What is preeclampsia? What happens with this condition? What are its causes, and who is at risk? How to prevent and manage preeclampsia?
The news that you are pregnant is one of the most exciting events in your life. And of course, with that comes the consciousness that you should do everything you possibly can to make sure your baby is healthy and arrives on the due day as scheduled.
You make plans to ensure that you are getting all the nutrition you need, taking all the supplements and vitamins your doctor advised, and preparing for your bundle of joy to fill your life with happiness.
And oh, the planning! This includes regular checkups with the doctor.
Once you have embraced the initial excitement, it is time to learn more about what to expect during your pregnancy so that anything unusual can be monitored and treated. You already know that you may experience cramping, insomnia, anxiety, and morning sickness, along with other pregnancy symptoms.
Even with proper care, there are conditions such as preeclampsia that can occur during pregnancy or after delivery. This can be risky both for you and your baby.
Preeclampsia is a serious condition that affects pregnant women and their babies and occurs in about 5 to 8 percent of all pregnancies.
Preeclampsia is persistent high blood pressure that develops during pregnancy or the postpartum period and is often associated with high levels of protein in the urine OR the new development of decreased blood platelets, trouble with the kidneys or liver, fluid in the lungs, or signs of brain trouble such as seizures and/or visual disturbances. – Preeclampsia Foundation
Discuss with your doctor how you can lower your risk for preeclampsia and how to recognize the warning signs. You may even be referred to a maternal-fetal medicine specialist if necessary.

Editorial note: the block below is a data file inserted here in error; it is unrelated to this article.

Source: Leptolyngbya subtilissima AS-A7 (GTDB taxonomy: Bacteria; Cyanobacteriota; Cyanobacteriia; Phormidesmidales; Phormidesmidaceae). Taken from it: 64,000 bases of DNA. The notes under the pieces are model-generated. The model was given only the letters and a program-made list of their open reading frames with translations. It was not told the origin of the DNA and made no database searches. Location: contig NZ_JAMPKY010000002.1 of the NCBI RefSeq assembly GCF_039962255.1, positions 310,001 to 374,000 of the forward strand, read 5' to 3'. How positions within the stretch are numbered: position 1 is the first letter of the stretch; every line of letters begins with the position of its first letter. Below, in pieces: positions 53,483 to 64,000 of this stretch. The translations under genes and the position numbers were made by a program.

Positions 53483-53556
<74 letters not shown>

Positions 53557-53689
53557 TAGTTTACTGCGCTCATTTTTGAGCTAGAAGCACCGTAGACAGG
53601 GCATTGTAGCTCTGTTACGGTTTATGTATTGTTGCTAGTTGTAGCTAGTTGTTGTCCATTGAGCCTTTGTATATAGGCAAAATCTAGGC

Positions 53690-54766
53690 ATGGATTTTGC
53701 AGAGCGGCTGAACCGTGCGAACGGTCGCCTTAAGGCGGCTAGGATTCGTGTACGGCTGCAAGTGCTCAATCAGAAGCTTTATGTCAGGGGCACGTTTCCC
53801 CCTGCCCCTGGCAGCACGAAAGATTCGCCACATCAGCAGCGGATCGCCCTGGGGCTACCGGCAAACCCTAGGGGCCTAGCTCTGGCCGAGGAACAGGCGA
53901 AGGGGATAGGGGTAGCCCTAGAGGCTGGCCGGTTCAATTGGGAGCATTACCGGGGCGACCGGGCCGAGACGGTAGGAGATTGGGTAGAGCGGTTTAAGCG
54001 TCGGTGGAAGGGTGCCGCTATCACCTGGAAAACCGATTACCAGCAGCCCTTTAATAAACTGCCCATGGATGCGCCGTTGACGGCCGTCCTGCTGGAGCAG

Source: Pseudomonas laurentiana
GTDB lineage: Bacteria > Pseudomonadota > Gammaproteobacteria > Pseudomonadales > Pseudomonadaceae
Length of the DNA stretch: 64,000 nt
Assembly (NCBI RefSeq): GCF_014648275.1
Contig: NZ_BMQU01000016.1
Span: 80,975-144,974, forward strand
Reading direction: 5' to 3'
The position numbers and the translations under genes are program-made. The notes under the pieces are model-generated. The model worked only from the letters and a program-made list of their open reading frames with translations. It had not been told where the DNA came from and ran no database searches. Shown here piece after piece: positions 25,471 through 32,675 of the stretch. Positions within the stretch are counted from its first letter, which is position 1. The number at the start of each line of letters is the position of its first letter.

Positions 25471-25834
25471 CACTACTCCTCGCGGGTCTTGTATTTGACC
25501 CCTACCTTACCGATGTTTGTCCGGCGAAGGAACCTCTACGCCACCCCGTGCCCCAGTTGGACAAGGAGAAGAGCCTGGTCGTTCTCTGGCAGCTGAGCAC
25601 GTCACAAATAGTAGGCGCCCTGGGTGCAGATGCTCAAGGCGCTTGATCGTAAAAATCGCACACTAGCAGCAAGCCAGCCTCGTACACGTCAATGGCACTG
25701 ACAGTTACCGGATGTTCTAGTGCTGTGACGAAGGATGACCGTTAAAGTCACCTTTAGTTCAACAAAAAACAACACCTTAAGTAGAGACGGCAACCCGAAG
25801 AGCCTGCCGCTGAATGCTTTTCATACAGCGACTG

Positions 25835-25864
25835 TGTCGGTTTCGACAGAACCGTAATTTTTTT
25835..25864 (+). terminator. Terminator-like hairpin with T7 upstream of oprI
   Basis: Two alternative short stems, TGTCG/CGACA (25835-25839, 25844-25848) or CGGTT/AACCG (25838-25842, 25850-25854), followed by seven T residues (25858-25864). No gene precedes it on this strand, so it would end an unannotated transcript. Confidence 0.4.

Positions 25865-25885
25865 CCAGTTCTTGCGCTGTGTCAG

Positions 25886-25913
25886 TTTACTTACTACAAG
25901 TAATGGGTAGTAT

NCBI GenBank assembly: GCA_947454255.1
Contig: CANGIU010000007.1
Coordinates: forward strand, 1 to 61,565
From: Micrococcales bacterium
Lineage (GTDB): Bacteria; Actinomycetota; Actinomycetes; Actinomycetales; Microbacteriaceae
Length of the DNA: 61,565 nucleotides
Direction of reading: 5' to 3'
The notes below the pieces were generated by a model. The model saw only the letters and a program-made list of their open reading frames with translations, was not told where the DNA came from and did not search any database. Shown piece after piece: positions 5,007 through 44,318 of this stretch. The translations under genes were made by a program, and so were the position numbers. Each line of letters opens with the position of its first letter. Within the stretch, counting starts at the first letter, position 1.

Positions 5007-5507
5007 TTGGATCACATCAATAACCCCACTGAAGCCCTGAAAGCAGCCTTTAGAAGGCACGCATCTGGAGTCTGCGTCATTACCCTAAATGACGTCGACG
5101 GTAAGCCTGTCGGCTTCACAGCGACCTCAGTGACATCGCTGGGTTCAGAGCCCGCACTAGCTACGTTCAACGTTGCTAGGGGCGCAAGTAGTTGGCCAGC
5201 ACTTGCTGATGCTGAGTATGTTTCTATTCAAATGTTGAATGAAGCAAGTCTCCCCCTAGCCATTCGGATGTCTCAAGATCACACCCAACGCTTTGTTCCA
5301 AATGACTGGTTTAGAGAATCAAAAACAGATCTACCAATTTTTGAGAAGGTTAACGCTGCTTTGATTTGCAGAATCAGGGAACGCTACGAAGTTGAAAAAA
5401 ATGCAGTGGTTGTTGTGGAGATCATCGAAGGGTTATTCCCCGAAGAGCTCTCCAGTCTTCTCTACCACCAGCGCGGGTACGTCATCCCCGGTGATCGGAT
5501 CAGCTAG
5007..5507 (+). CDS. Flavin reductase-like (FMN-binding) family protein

The good news is that after a baby is delivered, the symptoms are likely to resolve in 48 hours. According to research, many women with preeclampsia also see their symptoms disappearing and their liver and kidney function return to normal in a few months.
What Happens with Preeclampsia?
Preeclampsia affects the blood vessels that carry blood to the placenta. When the placenta does not receive enough blood, it affects the baby as it does not get adequate nutrients and oxygen. This results in slow growth, low birth weight, and premature birth.
Is There a Cure?
The only cure for preeclampsia is to give birth. Even after delivery, symptoms of preeclampsia can last several weeks.
What Can You Do?
You can protect yourself by learning more about how to recognize the symptoms of preeclampsia and keeping your doctor’s appointments for prenatal care. If you are at risk, an early diagnosis can lower the chances of complications and increase the chances of a healthy baby. Understanding the condition can help you get the care you need.
What Are the Causes of Preeclampsia?
Preeclampsia and eclampsia are believed to be caused when a woman’s placenta does not work how it should. Other likely factors are poor nutrition and high body fat, genetics, and a lack of blood flow to the uterus.
Who Is at Risk for Preeclampsia?
Some of the risk factors for preeclampsia are:
- Teens and women over 40
- African American
- First-time pregnancy
- Having babies less than 2 years apart or more than 10 years apart
- Pregnancy with a new partner instead of the father of your previous children
- A history of high blood pressure
- A family history of preeclampsia
- Carrying more than one baby
- In-vitro fertilization
- A history of diabetes, kidney disease, lupus, or rheumatoid arthritis
Here Is What You Should Know About Preeclampsia